This New, Narrow Vision for the Middle East Isn’t Really About Peace

This New, Narrow Vision for the Middle East Isn’t Really About Peace
An Israeli El Al airliner in Abu Dhabi, United Arab Emirates, after a ceremonial flight from Tel Aviv, Aug. 31, 2020 (pool photo by Nir Elias via AP Images).

Imagine a different Middle East. “Were all outstanding hostilities resolved, border formalities simplified and roads unblocked, one might breakfast beside the Mediterranean in the Lebanese capital of Beirut, drive up to the Syrian capital of Damascus for lunch, race south to Jordan’s Amman for tea, make Jerusalem for an early dinner, and be back beside the Mediterranean for a stroll before bed in Tel Aviv.”

That might have seemed like a fanciful vision when John Keay, a British writer and historian, sketched it out in 2003, in his book “Sowing the Wind: The Seeds of Conflict in the Middle East.” He was underscoring the small geographic size of that core of the region, the source of decades of conflict. But it was hardly a new vision. Indeed, the promise of the Oslo Accords in the early 1990s, beyond an independent Palestine coexisting with Israel, was of a more normal Middle East, where borders could be crossed easily and countries could become defined not by their barriers but by their openness and proximity to each other.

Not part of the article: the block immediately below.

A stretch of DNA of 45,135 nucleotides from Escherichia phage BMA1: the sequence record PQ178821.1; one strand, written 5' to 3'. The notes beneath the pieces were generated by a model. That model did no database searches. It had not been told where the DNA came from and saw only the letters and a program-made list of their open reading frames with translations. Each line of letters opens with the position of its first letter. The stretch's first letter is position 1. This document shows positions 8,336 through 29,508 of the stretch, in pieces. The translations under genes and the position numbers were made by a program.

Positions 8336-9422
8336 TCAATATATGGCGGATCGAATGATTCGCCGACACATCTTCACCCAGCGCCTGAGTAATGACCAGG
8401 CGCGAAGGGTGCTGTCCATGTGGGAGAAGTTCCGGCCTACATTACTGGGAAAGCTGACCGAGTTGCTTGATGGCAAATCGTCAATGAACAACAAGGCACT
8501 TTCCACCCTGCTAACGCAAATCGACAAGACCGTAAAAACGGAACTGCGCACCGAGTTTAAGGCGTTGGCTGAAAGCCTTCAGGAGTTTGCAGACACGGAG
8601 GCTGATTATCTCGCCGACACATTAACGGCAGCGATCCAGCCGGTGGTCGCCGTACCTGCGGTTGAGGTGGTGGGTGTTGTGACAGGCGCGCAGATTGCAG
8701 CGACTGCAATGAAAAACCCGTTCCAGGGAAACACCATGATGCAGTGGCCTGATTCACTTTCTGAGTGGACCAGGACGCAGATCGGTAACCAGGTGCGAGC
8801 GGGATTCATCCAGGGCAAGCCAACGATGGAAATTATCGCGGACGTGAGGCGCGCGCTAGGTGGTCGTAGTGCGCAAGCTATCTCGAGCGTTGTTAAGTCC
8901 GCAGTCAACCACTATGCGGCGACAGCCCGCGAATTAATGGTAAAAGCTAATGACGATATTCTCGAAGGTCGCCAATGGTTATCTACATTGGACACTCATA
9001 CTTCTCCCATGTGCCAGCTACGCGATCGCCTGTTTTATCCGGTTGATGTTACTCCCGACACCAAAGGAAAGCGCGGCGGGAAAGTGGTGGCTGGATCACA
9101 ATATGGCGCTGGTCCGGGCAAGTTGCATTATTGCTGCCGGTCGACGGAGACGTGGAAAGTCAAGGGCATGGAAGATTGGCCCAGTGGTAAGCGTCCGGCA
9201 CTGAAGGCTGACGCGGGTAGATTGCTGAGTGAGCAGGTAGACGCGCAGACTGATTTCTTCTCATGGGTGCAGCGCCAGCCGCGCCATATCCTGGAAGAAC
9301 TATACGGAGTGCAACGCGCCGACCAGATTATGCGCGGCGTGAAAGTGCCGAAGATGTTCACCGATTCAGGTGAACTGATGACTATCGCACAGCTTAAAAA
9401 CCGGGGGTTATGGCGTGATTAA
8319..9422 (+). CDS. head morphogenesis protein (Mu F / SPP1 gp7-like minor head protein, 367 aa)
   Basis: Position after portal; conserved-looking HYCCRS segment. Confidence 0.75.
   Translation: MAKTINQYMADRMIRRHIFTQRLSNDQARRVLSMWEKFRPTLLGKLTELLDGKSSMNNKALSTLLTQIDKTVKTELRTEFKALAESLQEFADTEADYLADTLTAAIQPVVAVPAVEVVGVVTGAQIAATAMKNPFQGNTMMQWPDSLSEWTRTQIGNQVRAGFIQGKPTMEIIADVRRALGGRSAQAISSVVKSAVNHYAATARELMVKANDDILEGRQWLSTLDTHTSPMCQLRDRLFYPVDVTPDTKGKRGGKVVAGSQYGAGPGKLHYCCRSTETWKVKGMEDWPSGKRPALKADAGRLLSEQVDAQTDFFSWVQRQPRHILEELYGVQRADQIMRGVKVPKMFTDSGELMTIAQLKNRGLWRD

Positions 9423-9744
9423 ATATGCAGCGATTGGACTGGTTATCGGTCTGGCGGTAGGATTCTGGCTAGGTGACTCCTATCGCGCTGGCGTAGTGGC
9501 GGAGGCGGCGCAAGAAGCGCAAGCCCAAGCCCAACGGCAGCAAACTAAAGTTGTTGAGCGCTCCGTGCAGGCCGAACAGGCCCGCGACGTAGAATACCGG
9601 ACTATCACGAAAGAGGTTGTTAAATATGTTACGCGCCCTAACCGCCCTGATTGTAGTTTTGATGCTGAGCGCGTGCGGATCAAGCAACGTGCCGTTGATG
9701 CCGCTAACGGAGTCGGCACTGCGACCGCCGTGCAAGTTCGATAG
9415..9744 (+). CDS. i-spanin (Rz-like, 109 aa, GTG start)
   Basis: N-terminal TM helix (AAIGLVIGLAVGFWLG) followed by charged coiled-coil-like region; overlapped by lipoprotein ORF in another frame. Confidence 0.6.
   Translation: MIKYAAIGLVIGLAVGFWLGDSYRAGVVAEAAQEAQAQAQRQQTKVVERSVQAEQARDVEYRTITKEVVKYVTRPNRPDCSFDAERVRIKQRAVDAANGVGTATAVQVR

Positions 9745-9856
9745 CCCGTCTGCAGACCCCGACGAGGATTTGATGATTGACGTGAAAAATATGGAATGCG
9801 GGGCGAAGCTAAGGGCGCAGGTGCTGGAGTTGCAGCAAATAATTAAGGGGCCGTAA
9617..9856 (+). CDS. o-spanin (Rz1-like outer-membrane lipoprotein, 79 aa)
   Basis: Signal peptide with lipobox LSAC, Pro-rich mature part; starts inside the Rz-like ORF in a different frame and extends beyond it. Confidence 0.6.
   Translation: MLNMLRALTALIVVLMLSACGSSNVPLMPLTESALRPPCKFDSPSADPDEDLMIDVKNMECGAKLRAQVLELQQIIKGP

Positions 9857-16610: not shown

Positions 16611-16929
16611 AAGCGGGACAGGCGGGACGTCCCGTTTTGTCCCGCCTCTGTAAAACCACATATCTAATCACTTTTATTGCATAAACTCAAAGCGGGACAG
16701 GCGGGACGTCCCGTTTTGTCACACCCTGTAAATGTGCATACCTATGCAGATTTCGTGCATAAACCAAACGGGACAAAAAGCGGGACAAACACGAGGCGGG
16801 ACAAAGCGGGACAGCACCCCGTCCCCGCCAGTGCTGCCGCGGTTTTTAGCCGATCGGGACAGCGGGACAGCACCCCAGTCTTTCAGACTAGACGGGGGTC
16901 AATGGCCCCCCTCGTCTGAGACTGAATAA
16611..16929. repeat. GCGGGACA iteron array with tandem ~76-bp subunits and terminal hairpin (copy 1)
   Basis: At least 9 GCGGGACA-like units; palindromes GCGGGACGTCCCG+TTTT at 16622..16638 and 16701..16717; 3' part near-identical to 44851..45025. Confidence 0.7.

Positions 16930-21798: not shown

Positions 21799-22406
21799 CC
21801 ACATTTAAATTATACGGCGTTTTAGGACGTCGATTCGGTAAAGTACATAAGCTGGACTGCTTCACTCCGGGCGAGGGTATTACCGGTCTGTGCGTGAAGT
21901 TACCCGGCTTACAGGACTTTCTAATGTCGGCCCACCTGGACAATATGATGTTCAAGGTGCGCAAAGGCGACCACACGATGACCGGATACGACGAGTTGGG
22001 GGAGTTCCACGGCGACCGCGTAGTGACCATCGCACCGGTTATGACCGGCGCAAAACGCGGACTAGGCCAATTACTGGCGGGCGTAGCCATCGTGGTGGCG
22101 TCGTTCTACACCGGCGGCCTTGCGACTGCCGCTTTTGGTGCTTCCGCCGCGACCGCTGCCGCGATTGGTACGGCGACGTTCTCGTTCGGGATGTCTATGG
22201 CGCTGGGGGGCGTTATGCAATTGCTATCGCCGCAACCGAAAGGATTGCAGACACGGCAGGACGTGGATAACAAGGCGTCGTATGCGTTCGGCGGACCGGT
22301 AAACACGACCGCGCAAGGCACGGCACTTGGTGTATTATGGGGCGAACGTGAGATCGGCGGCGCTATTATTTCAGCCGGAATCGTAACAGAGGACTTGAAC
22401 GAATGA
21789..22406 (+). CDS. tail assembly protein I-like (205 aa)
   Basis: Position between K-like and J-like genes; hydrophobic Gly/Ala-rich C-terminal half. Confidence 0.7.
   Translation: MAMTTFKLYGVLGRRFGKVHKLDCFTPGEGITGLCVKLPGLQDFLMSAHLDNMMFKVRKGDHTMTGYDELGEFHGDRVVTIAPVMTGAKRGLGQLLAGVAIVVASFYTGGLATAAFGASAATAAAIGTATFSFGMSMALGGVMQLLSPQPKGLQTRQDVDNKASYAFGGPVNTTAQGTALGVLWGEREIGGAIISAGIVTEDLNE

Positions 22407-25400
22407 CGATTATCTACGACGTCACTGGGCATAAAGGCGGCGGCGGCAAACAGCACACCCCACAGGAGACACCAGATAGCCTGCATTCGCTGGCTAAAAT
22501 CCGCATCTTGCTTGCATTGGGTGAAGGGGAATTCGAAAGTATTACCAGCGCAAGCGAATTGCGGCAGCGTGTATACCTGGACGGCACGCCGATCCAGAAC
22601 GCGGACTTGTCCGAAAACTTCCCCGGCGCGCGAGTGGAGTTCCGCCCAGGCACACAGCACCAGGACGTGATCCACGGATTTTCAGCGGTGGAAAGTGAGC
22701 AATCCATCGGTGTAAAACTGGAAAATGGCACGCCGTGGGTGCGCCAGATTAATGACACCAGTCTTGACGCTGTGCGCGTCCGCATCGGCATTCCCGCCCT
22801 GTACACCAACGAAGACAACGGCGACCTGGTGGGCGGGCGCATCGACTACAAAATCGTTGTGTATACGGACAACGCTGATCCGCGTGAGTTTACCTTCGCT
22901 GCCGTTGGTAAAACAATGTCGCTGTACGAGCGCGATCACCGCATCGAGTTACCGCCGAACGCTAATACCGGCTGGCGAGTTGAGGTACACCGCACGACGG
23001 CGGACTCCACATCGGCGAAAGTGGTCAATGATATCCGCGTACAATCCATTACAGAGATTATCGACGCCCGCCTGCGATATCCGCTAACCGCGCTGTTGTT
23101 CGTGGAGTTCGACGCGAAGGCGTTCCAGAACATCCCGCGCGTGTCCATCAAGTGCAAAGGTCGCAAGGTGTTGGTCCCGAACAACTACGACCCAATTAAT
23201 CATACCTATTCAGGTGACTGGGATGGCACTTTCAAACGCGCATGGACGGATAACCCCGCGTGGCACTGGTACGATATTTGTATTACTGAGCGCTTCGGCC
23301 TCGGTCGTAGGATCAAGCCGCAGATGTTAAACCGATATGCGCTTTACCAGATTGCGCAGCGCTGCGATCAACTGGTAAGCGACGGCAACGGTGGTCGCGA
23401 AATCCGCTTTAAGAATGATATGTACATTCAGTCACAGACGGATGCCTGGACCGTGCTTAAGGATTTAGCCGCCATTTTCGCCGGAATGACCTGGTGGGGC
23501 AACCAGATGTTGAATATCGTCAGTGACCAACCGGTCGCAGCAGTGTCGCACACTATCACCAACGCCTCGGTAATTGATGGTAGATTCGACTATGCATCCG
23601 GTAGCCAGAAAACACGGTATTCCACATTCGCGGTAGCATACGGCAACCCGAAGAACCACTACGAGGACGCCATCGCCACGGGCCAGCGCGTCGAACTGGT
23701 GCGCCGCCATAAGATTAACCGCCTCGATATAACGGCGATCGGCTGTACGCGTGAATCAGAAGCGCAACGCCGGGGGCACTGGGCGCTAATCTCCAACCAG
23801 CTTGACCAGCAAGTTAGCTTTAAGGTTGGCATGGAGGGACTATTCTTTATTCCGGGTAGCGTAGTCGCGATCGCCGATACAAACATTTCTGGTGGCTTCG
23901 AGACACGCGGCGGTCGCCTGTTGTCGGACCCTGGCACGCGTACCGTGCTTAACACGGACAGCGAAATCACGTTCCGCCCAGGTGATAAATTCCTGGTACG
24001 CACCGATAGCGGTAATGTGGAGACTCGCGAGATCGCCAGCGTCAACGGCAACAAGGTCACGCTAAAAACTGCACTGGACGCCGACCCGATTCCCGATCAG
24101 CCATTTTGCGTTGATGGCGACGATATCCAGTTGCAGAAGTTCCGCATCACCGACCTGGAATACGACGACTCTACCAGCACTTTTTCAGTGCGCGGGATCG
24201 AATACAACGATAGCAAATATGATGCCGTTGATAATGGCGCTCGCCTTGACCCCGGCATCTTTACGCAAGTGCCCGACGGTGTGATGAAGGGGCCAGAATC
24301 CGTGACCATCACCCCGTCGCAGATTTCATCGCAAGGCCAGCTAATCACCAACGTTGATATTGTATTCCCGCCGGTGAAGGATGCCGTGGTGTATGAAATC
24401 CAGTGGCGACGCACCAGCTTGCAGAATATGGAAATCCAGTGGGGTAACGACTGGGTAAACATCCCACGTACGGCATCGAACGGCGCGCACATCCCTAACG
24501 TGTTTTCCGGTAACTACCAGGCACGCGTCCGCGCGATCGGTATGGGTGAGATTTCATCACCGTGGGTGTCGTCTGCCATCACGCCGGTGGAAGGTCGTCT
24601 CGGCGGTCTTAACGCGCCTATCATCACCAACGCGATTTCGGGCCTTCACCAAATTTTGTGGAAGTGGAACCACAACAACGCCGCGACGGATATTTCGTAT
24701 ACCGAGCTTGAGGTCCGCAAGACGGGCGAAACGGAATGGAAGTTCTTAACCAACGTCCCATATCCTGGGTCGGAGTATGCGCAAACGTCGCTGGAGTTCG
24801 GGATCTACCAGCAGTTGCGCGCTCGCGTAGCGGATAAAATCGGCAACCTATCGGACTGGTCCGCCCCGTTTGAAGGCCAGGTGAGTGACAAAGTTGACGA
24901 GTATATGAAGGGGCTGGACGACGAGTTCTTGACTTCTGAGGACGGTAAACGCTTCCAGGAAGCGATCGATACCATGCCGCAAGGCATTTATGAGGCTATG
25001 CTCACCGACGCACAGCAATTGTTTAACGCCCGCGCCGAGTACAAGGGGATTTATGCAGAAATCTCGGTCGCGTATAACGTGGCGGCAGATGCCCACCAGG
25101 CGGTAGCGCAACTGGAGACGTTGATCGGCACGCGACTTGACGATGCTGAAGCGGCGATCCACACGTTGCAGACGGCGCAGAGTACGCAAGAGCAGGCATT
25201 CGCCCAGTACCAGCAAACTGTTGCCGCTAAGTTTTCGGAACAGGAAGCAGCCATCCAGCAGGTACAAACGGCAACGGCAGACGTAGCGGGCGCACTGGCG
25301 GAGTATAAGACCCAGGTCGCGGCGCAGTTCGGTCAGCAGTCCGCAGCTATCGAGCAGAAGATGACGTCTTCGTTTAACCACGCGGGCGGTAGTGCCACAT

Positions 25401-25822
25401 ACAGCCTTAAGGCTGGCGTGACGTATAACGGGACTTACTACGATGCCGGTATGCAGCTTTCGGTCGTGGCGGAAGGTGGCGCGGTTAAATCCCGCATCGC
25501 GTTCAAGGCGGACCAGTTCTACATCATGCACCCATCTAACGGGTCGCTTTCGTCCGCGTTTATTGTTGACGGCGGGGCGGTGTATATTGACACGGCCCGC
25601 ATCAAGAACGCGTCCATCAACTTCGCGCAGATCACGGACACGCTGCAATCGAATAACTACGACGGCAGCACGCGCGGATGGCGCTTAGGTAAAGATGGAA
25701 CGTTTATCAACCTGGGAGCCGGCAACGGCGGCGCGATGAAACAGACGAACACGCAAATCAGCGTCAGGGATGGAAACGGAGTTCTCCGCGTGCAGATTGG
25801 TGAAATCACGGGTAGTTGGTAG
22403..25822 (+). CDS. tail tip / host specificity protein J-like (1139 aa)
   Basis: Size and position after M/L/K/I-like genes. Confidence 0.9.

Jordan’s then-King Hussein spoke directly of that hope and geography at the 1994 signing ceremony for the peace treaty between Jordan and Israel, which was held at the Wadi Araba border crossing, with the Israeli resort town of Eilat on one side, and its Jordanian twin, Aqaba, on the other. “Behind us here, you see Eilat and Aqaba—the way we have lived over the years, in such close proximity, unable to meet, to visit each other, to develop this beautiful part of the world. No more.”

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